The hearts of those holding Philippine pesos were broken on Tuesday after the currency slipped to its weakest level against the dollar in more than eleven years. The peso weakened by 33 centavos to 51.85 per dollar.
The peso wasn’t alone in falling against the dollar; most Asia-Pac currencies did the same as the greenback shrugged off more Republican disharmony – seen as a potential obstacle to US tax reforms – late in the New York session. The US Dollar Index ended Tuesday’s session with marginal gains, having climbed 0.08 points to 93.94. The index had been down 0.18 points at one stage in the day.
Investors are perhaps also cautious ahead of important economic data this week. Wednesday sees an interest rate decision by the Bank of Canada and Thursday sees one from the ECB. The latter meeting is expected to induce significant volatility in euro exchange rates, including EUR/PHP (61.08), because decision-makers at this meeting will discuss the end of European quantitative easing for the first time since its introduction. Adding to a sense of unease is Friday’s important US GDP data.
In the face of economic uncertainty, investors typically offload riskier currencies, which means all of Asia-Pac FX, with the exception of the Japanese yen.
In Australia, the ABS said on Wednesday morning that consumer prices grew by 0.6% in the third quarter, which takes annualized growth to 1.8%, below the market expectation for 2.0% and the prior reading of 1.9%. More importantly, inflation continues to run below the RBA’s target of 2-3%. As a result, the Australian dollar fell to a three-month low against USD of 0.7728.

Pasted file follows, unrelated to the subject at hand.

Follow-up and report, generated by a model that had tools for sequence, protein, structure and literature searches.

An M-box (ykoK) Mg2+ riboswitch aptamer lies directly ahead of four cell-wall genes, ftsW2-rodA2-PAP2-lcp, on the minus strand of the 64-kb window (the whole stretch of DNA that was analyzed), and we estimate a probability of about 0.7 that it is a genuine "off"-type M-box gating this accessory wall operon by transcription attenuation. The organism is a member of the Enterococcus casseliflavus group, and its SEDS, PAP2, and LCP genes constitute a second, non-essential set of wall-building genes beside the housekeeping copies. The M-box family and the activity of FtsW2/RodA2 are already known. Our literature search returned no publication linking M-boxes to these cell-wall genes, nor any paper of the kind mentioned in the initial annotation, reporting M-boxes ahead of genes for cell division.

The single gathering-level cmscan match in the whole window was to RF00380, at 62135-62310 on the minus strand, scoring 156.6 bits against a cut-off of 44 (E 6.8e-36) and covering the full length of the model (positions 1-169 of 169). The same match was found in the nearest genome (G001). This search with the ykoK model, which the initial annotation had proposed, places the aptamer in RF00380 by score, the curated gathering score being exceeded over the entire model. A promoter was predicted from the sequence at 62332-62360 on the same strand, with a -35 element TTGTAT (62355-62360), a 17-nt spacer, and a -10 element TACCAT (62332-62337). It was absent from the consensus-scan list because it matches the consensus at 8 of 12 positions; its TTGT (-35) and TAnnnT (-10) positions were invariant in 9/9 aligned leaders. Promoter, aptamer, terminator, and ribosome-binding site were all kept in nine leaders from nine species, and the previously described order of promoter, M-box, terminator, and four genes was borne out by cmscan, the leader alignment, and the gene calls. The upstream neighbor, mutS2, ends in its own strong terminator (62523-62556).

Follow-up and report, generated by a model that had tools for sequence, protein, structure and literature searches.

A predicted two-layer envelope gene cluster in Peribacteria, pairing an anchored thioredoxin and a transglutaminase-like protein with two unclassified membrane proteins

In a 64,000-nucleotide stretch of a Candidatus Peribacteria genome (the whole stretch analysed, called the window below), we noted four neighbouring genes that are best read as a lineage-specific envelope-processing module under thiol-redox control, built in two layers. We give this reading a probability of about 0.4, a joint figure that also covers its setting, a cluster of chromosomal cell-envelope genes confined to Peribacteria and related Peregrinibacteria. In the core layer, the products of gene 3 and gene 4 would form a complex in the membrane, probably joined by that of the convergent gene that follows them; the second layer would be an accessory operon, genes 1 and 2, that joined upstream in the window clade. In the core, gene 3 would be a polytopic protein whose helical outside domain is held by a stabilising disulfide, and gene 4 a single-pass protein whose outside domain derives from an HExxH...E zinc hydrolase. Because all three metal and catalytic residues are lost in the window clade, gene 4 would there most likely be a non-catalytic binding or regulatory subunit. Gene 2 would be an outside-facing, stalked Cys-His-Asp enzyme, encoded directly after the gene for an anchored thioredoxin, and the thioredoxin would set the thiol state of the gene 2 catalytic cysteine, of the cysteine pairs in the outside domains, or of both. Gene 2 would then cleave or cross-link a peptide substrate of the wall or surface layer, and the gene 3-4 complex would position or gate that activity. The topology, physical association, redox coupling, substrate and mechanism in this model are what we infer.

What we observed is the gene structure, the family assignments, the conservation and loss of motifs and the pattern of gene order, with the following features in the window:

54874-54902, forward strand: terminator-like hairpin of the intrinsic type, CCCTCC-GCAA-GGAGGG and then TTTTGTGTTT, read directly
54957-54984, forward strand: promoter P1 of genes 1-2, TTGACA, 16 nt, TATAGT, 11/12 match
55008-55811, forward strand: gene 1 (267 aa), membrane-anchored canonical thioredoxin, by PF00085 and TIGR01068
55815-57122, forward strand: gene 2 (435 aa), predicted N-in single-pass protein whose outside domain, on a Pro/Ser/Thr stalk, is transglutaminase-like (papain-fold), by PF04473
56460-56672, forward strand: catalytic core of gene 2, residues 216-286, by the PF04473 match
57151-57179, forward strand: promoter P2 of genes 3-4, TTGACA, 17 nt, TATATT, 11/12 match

The New Zealand dollar continues to be sold across the board as investors reel from the decision by the New Zealand First party to support a Labour government. On Tuesday, the kiwi was buying less than 0.69 USD (0.6886) and had fallen to long-term lows against the British pound (0.5237), euro (0.5849) and Australian dollar (0.8854). New Zealand’s latest trade data will be released on Thursday, scheduled for 10:45am local time (GMT 9:45pm, Wednesday night).
The main market for the Indonesian rupiah has been sparked into life. USD/IDR had spent much of the January-August period contained within a 1.5% range between 13,250 and 13,450, but following a sharp fall in early September to 13,118, the rate has climbed 3.5% and now threatens 13,600 (last seen at 13,572).
The Japanese yen also weakened against the dollar on Tuesday despite some risk aversion. USD/JPY continues to battle with the 114 handle. The level was the day’s high, give or take, on both Monday and Tuesday, and is once again the extreme in early trading on Wednesday.
The yen has weakened following the victory of Shinzo Abe’s Liberal Democratic Party in Sunday’s national election. A continuation of “Abenomics” will likely preserve extremely loose monetary policy in Japan, and that means that barring further threats from North Korea, USD/JPY is likely to succumb to the magnetic pull of 115 within the next week or two.
A breach of 115.50 in USD/JPY will see a test of 119, according to French bank Societe Generale. At 115.50, “things could go two ways…[but] we’re bullish, looking for a push higher in USD/JPY, as well as EUR/JPY and CAD/JPY,” the bank’s analyst said.
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